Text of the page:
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Publication numberUS5648176 A
Publication typeGrant
Application numberUS 08/318,716
Publication dateJul 15, 1997
Filing dateFeb 8, 1994
Priority dateFeb 8, 1994
Fee statusPaid
Also published asDE69420262D1, DE69420262T2, EP0693316A1, EP0693316A4, EP0693316B1, WO1995021695A1
Publication number08318716, 318716, US 5648176 A, US 5648176A, US-A-5648176, US5648176 A, US5648176A
InventorsToshikazu Nakagawa, Yasushi Ishikawa, Sadao Tsushima, Masao Yashiro, Hitoshi Ohta
Original AssigneeNippon Steel Corporation
Export CitationBiBTeX, EndNote, RefMan
External Links: USPTO, USPTO Assignment, Espacenet
Metallic honeycomb body for supporting catalyst for automobiles and process for producing the same
US 5648176 A
Abstract
According to the present invention, there is provided a process for producing a honeycomb body for a metallic carrier from a flat foil and a corrugated foil, which comprises supplying a joining agent comprising a mixture of an adhesive with a carbon powder into abutted portions between the flat foil and the corrugated foil, depositing the joining agent onto the abutted portions to form a honeycomb body and heat-treating the honeycomb body only or an outer cylinder with the honeycomb body being inserted thereinto in a non-oxidizing atmosphere to mutually join the abutted portions in a liquid phase.
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Claims(14)
We claim:
1. A metallic honeycomb body for supporting a catalyst for automobiles, comprising flat foils of a ferritic heat-resisting high alloy steel containing aluminum in an amount sufficient to form a stable Al oxide film and corrugated foils formed by corrugating said flat foil with said flat foils and said corrugated foils being alternately stacked or the flat foil and the corrugated foil being wound up together and joined to each other, wherein joined portions between said flat foil and said corrugated foil formed by melting and solidification are ferritic, and Fe--Cr carbide is precipitated and dispersed within said joined portions;
wherein said joined portions are formed by coating abutting portions of said flat foil and said corrugated foil with an adhesive with carbon powder added to said adhesive in an amount of 0.001 to 0.016 mg/mm2 (unit area of each joint point) and wherein said carbon powder has a particle diameter of not more than 5 μm.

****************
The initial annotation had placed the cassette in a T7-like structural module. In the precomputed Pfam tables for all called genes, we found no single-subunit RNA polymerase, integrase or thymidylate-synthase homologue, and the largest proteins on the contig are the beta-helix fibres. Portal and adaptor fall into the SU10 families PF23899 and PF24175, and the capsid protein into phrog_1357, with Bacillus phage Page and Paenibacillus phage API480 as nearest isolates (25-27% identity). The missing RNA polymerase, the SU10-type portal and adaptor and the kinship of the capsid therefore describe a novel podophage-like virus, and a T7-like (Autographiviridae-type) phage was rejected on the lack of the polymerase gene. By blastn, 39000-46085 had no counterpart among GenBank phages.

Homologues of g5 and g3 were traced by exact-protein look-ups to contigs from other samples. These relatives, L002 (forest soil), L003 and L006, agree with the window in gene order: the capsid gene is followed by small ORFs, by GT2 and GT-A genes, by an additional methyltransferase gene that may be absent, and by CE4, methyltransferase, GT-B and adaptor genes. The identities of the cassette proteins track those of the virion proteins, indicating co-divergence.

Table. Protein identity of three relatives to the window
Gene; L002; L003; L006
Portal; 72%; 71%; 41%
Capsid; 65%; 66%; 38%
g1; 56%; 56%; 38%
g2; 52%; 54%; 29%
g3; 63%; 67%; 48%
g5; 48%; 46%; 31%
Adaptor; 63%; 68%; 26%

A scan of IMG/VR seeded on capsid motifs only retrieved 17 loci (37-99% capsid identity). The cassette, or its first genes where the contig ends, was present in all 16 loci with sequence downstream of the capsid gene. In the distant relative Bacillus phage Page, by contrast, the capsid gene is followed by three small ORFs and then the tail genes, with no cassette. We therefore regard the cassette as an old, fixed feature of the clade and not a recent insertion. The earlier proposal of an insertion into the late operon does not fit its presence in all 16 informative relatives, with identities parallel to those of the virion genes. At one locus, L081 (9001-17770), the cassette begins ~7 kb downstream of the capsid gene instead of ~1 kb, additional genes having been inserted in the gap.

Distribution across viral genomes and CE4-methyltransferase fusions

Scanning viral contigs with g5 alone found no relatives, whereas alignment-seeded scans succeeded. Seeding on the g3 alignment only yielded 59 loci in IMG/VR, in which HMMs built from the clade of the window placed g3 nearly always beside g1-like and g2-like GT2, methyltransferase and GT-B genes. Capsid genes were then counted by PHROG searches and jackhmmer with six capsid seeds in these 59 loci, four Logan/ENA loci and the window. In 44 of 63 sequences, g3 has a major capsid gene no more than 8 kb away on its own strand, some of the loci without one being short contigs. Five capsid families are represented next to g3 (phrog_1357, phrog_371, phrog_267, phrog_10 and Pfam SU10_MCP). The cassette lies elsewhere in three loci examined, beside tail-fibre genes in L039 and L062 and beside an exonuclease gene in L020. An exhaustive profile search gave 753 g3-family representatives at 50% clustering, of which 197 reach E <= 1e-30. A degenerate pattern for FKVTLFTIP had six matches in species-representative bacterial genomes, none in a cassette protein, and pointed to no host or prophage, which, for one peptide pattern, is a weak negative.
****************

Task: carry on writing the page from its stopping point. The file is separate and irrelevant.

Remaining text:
2. A metallic honeycomb body according to claim 1, wherein said joined portions have a hardness substantially equal to that of the base metal.
3. A process for producing a metallic honeycomb body for supporting a catalyst for automobiles, comprising the step of alternately stacking flat foils of a ferritic heat-resisting high alloy steel containing Al in an amount sufficient to form a stable Al oxide film and corrugated foils formed by corrugating said flat foils, or winding up together the flat foil and the corrugated foil, wherein said metallic honeycomb body is formed while coating one or both of the abutted portions between said flat foil and said corrugated foil with a liquid or paste joining agent comprising an adhesive and a carbon powder mixed and dispersed in the adhesive or after a metallic honeycomb body is formed while coating one or both of the abutted portions between said flat foil and said corrugated foil with an adhesive, a carbon powder is supplied into said abutted portions; wherein said carbon powder is added to said adhesive in an amount of 0.001 to 0.016 mg/mm2 (unit area of each joint point) and wherein said carbon powder has a particle diameter of not more than 5 μm; and said metallic honeycomb body is then heat-treated in a non-oxidizing atmosphere to melt-join joint portions between said flat foil and said corrugated foil.
4. The process according to claim 3, wherein said carbon powder is at least one powder selected from powders of artificial graphite, natural graphite, pyrolytic graphite, petroleum coke and carbon black.
5. The process according to claim 3, wherein said non-oxidizing atmosphere is vacuum or a protective gas atmosphere.
6. The process according to claim 3, wherein said metallic honeycomb body is heated in a non-oxidizing atmosphere at a temperature in the range from 1000° to 1300° C., held at that temperature for 30 to 120 min and then cooled.
7. The process according to claim 3, wherein said adhesive comprises an organic binder dissolved in a solvent.
8. The process according to claim 3, wherein said non-oxidizing atmosphere is a protective gas selected from a group consisting of hydrogen and argon.